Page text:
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Navigating the USPTO Trademark Process: The Role of Specimens in Applications and Renewals

Posted by Dragan Dan Ivetić | May 02, 2024 | 0 Comments

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Navigating the USPTO Trademark Process: The Role of Specimens in Applications and Renewals

Protecting your brand with a trademark is a smart move for any forward-thinking business owner. But when you're caught up in the hustle of building your brand, the intricacies of the USPTO Trademark Process can often be overlooked. A crucial yet commonly misunderstood step is the submission and requirement of trademark specimens for both applications and renewals. Here's why these specimens are indispensable and how a flat fee trademark attorney can guide you through safeguarding your brand.

Understanding Trademark Specimens

A trademark specimen is a real-world example of how your mark is used in commerce. It's the tangible evidence that shows the USPTO, and in turn, potential customers, that your mark is actively being used on goods or services offered in the marketplace. This could be anything from product packaging with your brand prominently displayed to advertising materials to a screenshot of your online store with the mark in use. Essentially, it's proof that your mark is being used in a way that distinguishes your goods or services from others.

The Requirement of Specimens in the USPTO Trademark Process

The USPTO requires trademark specimens to be submitted as part of both trademark applications and renewals. Submitting appropriate trademark specimens is crucial to the success of your application or renewal. Improperly submitted specimens can result in delays, refusals, or even the cancellation of your mark. So it's essential to understand what types of specimens are required and how they should be formatted.

Types of Acceptable Specimens

The USPTO accepts both standard and non-standard specimens. 

For Trademark Applications

When filing a trademark application, you must provide a specimen that directly correlates with the goods and services listed in your application. This proves to the USPTO that your mark is not just an idea but a commercial reality. It's an essential part of the application that differentiates a serious brand owner from one not yet ready to enter the market. Your application can be refused without an appropriate specimen, leading to delays and potential additional costs.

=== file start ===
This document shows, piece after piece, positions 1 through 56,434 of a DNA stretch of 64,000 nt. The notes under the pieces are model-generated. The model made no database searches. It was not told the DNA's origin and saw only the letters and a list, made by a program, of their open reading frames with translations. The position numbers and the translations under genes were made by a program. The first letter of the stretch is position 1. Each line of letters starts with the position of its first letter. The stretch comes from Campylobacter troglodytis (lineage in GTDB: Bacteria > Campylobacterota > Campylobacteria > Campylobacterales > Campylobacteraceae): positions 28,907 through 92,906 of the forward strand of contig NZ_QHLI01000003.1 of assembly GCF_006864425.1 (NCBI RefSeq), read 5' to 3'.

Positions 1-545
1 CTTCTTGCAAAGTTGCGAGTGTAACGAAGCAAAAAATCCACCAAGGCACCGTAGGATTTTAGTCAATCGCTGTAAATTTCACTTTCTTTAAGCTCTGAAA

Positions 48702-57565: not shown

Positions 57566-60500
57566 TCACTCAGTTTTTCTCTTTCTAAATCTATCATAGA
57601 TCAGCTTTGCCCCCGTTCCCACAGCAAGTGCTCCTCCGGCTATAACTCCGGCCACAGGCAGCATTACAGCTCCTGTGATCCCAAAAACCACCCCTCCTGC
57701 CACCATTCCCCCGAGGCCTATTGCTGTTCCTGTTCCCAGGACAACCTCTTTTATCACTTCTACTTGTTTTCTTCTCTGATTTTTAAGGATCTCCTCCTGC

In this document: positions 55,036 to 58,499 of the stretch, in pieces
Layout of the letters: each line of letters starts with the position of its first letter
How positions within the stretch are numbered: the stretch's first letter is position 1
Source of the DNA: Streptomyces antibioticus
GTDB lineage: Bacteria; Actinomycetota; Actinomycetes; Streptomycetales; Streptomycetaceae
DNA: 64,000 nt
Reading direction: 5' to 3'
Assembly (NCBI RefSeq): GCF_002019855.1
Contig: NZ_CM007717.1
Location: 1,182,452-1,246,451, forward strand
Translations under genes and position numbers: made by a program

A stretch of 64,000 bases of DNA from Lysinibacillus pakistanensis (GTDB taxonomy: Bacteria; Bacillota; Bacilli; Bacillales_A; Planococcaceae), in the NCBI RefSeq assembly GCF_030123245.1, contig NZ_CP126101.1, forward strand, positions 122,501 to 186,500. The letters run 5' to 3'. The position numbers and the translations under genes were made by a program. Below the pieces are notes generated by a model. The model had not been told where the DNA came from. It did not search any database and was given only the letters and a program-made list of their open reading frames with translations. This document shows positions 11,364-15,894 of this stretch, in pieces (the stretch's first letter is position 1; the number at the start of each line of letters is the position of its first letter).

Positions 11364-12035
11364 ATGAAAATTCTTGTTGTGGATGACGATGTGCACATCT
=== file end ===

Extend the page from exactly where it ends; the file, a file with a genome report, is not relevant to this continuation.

For Trademark Renewals

Trademark owners must also submit a new specimen when seeking trademark renewals. This ensures that the mark remains in active use and continues to be distinctive and relevant in its market. Failure to submit a current specimen can result in the cancellation of your trademark, which is a risk no business owner should take lightly as it opens the door to potential infringement without recourse. A critical thing to remember is that the specimen must depict usage of the trademark in the same manner as registered. Any deviation from the usage described in your application may lead to a refusal of renewal.

Why a Flat Fee Trademark Attorney Can Help

A flat fee trademark attorney simplifies this aspect of your brand protection strategy by offering clear-cut pricing and expert guidance on trademark specimens. Teaming up with a professional who is well-versed in what the USPTO is looking for can be an invaluable asset, especially when it comes to selecting the right specimens to accompany your application or renewal.

These attorneys can assist in:

  • Preparing and evaluating potential specimens for submission